Transubstantiation Latest


With your ‘host’.

John Waters.

It might cross my mind that, if I said I believed that the bread and wine is transformed into the body and blood of Christ during the Consecration, I might be held up an example of someone who (ludicrously) believes in “supernatural” phenomena, whereas if I said that I rejected such a belief, my opinion might be used to bolster a predetermined sociological analysis having something to do with the relative intellectual conditions to be located in fields and streets.

All things considered, I think I might pass. (I wonder what proportion of people, when asked such a question, say that it is not a question to which you can give a yes or no?) Pope Benedict, speaking last year in Berlin, compared the reduction of reason imposed on our cultures to a concrete bunker with no windows, in which mankind affects to have created the conditions for human life.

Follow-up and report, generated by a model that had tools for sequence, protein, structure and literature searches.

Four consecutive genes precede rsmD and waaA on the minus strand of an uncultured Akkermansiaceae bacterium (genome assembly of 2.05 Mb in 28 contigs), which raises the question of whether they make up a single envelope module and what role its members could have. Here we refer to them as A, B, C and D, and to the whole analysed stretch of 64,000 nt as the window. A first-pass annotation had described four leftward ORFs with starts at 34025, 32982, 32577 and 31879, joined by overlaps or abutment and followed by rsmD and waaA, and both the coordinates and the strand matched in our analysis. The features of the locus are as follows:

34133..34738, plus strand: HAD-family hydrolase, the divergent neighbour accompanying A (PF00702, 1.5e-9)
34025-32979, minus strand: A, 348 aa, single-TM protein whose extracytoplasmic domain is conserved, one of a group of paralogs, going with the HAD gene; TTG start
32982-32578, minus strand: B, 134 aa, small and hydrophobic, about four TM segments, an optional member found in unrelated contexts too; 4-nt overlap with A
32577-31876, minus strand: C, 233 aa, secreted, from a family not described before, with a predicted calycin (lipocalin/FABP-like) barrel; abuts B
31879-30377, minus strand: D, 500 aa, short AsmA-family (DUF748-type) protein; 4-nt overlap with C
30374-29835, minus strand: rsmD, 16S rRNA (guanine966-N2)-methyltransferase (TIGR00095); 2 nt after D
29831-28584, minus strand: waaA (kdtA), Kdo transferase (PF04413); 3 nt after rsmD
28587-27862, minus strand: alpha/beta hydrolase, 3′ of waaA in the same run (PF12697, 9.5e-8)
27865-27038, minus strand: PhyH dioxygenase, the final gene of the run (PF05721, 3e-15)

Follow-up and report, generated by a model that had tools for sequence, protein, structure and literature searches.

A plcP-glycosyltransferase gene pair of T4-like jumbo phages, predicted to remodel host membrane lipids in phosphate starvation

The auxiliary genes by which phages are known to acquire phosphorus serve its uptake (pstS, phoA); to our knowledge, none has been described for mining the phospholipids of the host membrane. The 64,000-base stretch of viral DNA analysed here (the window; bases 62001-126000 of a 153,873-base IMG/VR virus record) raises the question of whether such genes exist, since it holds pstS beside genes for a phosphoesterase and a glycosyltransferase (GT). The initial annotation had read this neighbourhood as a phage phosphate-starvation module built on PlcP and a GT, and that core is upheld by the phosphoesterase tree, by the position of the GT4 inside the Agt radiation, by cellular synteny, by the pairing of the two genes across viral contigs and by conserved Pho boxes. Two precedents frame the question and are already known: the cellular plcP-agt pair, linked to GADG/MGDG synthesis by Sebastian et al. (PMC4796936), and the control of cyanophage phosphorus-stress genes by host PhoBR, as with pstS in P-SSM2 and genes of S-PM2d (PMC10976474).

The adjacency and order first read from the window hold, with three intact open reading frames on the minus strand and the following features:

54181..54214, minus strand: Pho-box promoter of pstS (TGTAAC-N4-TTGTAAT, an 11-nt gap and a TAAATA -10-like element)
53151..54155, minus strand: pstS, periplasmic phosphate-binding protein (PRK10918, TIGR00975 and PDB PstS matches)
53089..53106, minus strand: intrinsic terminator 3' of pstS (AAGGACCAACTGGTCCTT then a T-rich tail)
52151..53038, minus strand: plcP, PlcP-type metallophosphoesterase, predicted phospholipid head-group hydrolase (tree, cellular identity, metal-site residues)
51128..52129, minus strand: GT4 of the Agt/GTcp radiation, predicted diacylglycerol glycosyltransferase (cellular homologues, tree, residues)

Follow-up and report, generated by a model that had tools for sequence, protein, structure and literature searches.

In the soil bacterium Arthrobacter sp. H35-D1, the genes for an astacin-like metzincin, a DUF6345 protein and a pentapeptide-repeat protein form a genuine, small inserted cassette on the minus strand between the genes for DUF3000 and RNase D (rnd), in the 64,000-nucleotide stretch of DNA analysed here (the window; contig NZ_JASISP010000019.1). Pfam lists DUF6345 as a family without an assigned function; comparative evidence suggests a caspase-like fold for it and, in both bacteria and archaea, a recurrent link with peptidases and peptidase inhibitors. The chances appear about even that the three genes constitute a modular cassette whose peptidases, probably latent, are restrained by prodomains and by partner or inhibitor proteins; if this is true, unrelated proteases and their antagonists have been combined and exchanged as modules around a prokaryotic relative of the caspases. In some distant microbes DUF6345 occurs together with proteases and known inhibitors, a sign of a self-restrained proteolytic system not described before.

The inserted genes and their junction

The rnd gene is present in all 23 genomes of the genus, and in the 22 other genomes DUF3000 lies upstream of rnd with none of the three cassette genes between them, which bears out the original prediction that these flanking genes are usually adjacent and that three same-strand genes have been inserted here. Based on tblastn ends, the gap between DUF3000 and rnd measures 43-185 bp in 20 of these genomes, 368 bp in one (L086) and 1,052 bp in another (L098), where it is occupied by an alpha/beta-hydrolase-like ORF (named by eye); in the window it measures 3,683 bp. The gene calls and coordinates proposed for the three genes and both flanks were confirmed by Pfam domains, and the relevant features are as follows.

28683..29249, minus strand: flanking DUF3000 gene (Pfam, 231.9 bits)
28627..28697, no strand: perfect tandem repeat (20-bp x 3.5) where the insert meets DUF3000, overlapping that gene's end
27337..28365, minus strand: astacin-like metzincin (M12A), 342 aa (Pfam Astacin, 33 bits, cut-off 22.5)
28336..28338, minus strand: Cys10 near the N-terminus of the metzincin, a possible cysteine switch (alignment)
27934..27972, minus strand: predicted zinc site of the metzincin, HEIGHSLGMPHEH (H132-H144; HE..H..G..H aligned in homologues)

The bunker shuts out mystery and the greater part of reason. It reduces everything to a soup of simple understandings, easily digestible by the greatest possible number – to be regurgitated in opinion surveys for the consolidation of the status quo.

Belief in Transubstantiation Not A Matter Of Yes Or No (John Waters, irish Times)

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